Tajudin had claimed that former premier Mahathir had made him buy MAS to help bail out Bank Negara after the central bank suffered massive foreign exchange losses due partly to speculation in foreign currency markets as a “national service” with an "Overriding Agreement" to indemnify him against any losses suffered.

Although Tajudin's claim has been denied by Mahathir, the former Prime Minister's rebuttal has little credibility.

Last August, Putrajaya intervened and commenced action to put an end to the controversial legal battle by ordering all suits against Tajudin to be dropped.

On February 14, Danaharta and Tajudin reached “out-of-court settlement”, the terms of which remain confidential between the two parties, where all suits pertaining to the RM589.14 million that Tajudin was ordered to pay to the firm in 2009, would be dropped and Tajudin agreed to withdraw a total of 27 appeals, 11 against Danaharta.

The question, whether the RM580 million out-of-court “renunciation” of Tajudin's debts is proof that Malaysians today are still paying for the RM100 billion financial scandals perpetrated in the 22 years of Mahathir premiership, has been asked but not answered.

There is now the seccond question - whether a settlement of the multi-billion ringgit litigation between MAS and Tajudin, with the striking out of their mutual claims against each other, would also be in consequence of the same factors and forces resulting in the government “surrender” of the RM580 million court judgment against Tajudin?

It is indeed time to revisit the RM100 billion “black hole” created by Mahathir's financial scandals in his 22 years of premiership, especially if the present generation of Malaysians are to pay for the sins of Mahathir's past premiership.

There can be no better start to revisit Mahathir's financial scandals in his 22 year as Prime Minister than to refer to Chapter 6 “Scandal, What Scandal?” of Barry Wain's “Malaysian Maverick – Mahathir Mohamad in Turbulent Times”, which started with the following two paragraphs:

“Dr. Mahathir’s administration took office in 1981 with the slogan bersih, cekap amanah – clean, efficient, trustworthy. Almost immediately, however, it became embroiled in financial scandals that exploded with startling regularity, some of them truly spectacular. A few were of an order of magnitude that could have bankrupted most developing countries. But tropical Malaysia was generously endowed with natural resources, notably offshore hydrocarbon deposits, and commanded by a leader committed to rapid development. The expanding economy absorbed the shock of much of the dissipated wealth, and where necessary, the gaps left by the missing billions were plugged with the proceeds of oil and gas exports.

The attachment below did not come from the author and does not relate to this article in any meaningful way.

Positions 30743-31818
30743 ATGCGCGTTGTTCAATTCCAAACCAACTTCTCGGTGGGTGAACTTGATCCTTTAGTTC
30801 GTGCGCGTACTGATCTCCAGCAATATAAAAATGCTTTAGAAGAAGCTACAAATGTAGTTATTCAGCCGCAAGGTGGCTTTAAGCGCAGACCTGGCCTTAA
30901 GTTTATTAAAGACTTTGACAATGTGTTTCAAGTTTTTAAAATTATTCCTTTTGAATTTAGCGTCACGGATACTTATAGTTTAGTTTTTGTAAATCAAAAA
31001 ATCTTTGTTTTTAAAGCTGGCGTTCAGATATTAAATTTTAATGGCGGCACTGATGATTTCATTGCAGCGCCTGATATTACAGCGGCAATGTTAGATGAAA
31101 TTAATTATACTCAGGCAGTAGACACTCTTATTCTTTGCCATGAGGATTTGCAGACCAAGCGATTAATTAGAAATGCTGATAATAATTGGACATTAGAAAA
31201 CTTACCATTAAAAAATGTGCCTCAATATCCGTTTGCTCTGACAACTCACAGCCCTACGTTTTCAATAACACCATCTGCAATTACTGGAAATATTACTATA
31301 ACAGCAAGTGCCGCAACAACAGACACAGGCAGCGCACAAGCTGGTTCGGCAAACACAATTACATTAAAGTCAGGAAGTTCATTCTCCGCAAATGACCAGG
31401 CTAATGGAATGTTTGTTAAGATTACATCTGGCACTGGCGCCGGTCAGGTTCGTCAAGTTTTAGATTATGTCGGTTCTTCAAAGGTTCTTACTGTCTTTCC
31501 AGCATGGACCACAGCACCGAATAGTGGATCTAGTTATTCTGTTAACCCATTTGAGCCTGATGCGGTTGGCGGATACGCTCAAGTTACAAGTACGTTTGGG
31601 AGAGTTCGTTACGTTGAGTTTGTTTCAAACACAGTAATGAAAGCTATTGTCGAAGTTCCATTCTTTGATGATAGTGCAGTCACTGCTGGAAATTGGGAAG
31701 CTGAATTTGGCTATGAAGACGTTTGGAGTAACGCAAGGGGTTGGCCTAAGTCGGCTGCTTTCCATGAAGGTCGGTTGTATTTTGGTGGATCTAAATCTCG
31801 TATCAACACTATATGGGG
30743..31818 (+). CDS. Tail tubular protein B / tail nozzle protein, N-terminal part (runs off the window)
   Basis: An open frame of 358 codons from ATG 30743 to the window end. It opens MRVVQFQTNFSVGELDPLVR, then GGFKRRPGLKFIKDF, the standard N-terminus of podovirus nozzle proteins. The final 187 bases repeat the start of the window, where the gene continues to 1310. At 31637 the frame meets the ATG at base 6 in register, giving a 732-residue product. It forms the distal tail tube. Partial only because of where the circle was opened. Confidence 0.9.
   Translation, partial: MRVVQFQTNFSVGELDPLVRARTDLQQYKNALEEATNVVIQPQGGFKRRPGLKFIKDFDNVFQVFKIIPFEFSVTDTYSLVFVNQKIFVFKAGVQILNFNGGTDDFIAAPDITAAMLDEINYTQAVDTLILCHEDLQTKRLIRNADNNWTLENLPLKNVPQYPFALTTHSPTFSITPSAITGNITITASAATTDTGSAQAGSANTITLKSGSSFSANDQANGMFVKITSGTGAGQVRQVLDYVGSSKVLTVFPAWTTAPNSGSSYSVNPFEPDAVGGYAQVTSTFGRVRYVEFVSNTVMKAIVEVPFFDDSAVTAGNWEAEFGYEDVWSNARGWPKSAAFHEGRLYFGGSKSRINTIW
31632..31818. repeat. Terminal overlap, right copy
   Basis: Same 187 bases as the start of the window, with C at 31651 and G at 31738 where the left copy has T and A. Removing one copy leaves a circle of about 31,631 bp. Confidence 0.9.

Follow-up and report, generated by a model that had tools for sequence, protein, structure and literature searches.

“Almost all the scandals involved the government directly, or senior officials and businessmen closely connected to UMNO. In some cases, impropriety – whether illegal or merely ill-advised – was officially authorized or condoned for an allegedly higher purpose. Public funds were stolen in various ways, or simply poured into a big black hole in the name of ventures that bordered on the reckless, improbable or criminal. The extent of the losses – and in some cases the way the money disappeared – was never fully documented. Dr. Mahathir’s administration generally did not hold Malaysians accountable for the financial disasters, and often laid the blame on others. By the early 1990s cynics remarked that it had been a good decade for bad behavior, or a bad decade for good behavior.”

In this chapter, Barry Wain estimated that Mahathir's financial scandals would have created ”a big black hole” of RM100 billion.

With the Mahathir past fast cascading into the Najib present whether because of the MAS “double bail-outs” triggered by the 1992/3 RM30 billion Bank Negara forex scandal, they are all powerful reasons demanding full accounting for the RM100 billion “black hole” caused by Mahathir's financial scandals of 22 years.

*Lim Kit Siang, DAP Parliamentary Leader & MP for Ipoh Timor